Reclaiming Sacred Tobacco features American Indian Minnesotans discussing traditional tobacco practices, and how the commercial tobacco industry corrupted those practices into harmful behaviors like cigarette smoking. In Minnesotatoday, 59 percent of American Indians smoke, compared to 14 percent of the general population. Reclaiming Sacred Tobacco shows how restoring traditional ways can move people away from cigarette smoking and toward healthier living.
Accepting the award was Dakota/Diné producer Leya Hale of Twin Cities PBS, who directed the film with guidance from Anishinaabe and Dakota elders. “This project was unique, because it looks at the tobacco issue from within American Indian communities, rather than outside,” said Hale. “We are so grateful to the dozens of participants who agreed to be interviewed and share their stories with us.”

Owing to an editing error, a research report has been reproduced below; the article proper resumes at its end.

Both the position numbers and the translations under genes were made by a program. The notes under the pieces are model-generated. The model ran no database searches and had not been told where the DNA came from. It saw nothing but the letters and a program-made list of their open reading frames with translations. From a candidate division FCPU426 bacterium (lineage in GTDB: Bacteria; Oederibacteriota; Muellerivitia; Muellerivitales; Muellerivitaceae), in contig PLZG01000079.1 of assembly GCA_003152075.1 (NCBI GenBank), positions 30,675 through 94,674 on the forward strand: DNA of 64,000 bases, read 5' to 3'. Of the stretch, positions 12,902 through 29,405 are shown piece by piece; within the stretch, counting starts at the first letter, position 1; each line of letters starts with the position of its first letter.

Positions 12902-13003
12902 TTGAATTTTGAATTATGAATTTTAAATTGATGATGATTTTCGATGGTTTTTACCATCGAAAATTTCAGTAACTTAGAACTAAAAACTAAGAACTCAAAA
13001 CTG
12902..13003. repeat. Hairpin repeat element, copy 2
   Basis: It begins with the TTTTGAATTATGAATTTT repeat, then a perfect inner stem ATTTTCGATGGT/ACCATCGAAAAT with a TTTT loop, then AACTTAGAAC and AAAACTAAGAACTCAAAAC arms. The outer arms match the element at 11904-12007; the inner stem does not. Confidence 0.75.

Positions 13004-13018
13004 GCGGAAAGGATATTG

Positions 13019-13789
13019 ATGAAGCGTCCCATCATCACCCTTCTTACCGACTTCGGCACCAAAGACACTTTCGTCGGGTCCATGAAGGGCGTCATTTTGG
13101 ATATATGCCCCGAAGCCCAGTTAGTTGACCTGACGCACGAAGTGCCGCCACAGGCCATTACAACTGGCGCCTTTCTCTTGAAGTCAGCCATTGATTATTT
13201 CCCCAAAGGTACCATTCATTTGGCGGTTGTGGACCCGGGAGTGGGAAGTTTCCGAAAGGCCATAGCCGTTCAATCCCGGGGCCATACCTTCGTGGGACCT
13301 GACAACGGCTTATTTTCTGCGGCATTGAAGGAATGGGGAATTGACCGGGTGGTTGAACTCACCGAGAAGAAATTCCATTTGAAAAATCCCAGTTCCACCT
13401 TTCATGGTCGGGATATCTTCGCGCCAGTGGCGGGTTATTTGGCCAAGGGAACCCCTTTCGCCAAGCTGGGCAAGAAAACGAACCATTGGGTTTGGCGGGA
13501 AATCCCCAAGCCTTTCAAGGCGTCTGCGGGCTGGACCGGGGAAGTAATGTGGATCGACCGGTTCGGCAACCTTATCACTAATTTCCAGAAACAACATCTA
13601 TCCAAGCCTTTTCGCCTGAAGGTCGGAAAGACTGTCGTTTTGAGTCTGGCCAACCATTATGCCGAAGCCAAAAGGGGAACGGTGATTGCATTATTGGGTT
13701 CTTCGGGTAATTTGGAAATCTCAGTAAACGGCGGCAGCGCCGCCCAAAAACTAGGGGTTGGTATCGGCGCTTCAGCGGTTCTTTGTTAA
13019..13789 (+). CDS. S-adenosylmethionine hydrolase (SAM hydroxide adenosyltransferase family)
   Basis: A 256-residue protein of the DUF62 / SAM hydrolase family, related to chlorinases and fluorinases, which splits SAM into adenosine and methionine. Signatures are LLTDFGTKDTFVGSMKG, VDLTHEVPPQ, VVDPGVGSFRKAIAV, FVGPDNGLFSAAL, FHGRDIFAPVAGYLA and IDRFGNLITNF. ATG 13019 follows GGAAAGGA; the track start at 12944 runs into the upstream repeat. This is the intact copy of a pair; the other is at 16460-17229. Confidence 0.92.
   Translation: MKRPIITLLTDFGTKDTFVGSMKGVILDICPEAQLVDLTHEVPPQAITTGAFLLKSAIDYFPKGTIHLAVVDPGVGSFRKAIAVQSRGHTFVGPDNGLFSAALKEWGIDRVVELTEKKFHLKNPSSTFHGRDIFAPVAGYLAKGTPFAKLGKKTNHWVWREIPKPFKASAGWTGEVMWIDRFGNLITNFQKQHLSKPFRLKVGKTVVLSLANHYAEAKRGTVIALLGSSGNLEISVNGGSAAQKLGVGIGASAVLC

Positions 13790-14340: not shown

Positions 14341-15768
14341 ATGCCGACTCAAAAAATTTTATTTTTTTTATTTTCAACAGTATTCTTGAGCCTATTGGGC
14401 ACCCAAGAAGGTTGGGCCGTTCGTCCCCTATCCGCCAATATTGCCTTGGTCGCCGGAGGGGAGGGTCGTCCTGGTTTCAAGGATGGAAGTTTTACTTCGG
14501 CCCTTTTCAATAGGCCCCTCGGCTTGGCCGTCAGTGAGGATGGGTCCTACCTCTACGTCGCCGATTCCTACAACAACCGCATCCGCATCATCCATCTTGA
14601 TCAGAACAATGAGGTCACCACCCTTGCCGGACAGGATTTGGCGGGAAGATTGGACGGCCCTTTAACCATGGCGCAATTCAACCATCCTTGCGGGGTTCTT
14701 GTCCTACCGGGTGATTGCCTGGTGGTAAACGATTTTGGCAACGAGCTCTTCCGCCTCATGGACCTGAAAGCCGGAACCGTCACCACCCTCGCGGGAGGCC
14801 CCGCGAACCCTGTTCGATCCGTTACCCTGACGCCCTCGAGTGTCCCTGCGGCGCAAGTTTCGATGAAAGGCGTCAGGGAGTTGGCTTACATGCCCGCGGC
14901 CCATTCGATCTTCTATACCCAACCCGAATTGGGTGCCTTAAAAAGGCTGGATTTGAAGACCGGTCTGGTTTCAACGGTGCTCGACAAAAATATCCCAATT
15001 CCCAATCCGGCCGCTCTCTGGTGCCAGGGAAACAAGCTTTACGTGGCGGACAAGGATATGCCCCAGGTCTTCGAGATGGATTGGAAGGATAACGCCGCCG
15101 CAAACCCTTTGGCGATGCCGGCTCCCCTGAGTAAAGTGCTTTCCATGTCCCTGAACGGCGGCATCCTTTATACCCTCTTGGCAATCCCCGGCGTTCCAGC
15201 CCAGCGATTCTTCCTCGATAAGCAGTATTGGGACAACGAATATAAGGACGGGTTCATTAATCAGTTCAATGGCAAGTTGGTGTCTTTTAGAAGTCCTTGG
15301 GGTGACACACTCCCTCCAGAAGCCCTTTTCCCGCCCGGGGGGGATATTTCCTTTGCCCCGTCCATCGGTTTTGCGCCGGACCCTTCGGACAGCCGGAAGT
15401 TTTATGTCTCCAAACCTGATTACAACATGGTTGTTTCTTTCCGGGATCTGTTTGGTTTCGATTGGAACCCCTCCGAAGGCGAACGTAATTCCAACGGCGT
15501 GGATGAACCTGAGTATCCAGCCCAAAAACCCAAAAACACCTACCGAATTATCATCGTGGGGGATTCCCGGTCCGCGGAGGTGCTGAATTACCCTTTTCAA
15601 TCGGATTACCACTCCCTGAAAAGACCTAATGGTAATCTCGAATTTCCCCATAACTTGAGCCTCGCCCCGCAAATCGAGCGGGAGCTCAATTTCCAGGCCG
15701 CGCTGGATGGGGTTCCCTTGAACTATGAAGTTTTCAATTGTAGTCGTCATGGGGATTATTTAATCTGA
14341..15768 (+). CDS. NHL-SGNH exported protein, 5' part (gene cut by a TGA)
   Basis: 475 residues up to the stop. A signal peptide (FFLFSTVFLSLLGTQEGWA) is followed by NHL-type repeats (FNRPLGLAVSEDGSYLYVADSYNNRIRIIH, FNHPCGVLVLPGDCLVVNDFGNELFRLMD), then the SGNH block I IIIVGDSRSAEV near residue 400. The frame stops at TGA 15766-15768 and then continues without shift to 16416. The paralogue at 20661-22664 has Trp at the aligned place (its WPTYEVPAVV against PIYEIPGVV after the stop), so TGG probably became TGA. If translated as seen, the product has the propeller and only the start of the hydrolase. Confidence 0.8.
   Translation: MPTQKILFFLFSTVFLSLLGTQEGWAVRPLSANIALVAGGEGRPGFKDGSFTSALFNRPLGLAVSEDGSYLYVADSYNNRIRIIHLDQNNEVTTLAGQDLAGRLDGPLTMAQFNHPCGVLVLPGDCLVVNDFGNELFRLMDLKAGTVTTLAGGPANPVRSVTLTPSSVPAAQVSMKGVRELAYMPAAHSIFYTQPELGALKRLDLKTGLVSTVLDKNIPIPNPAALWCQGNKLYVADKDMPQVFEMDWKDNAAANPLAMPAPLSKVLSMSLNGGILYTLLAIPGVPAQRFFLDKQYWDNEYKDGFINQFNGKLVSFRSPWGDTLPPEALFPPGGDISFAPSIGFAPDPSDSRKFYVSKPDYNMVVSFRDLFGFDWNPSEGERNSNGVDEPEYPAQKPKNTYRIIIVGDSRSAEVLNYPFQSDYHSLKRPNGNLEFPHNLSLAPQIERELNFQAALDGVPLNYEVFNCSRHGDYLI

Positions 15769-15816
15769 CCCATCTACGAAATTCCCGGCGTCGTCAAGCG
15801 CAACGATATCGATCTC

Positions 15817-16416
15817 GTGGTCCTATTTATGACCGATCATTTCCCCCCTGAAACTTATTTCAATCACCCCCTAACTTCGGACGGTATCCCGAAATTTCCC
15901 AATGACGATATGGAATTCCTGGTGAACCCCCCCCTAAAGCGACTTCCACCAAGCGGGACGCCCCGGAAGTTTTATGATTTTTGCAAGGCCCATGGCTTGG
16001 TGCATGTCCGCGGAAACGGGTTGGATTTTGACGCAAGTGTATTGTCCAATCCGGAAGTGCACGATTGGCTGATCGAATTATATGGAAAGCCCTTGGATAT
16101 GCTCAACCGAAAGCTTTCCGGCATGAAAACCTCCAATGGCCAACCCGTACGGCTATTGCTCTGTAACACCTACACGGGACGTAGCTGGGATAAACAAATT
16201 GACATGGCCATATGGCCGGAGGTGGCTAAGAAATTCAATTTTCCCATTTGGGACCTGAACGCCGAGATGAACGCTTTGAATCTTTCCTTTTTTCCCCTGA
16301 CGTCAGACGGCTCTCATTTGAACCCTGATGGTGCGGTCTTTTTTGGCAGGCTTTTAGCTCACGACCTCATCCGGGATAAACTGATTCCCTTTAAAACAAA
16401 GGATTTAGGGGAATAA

The film is informing diverse audiences about the differences between traditional and commercial tobacco use. American Indian health advocates are using it in innovative ways, including showing it in clinic waiting rooms on tribal lands. Additionally, it has been broadcast on public television stations around the state, and continues to be screened at Native film festivals in Minnesota and around the country, including the national American Indian Film Festival in San Francisco, where it was nominated for Best Public Service film last year.
“We are very proud of this project, which is one of several collaborations supporting Minnesota tribes as they work to undo the tobacco industry’s harms and improve health,” said David J. Willoughby, Chief Executive Officer at ClearWay Minnesota. “Reclaiming is helping American Indian advocates, but it’s also educating non-Native Minnesotans about the importance of understanding and respecting Native ways.”
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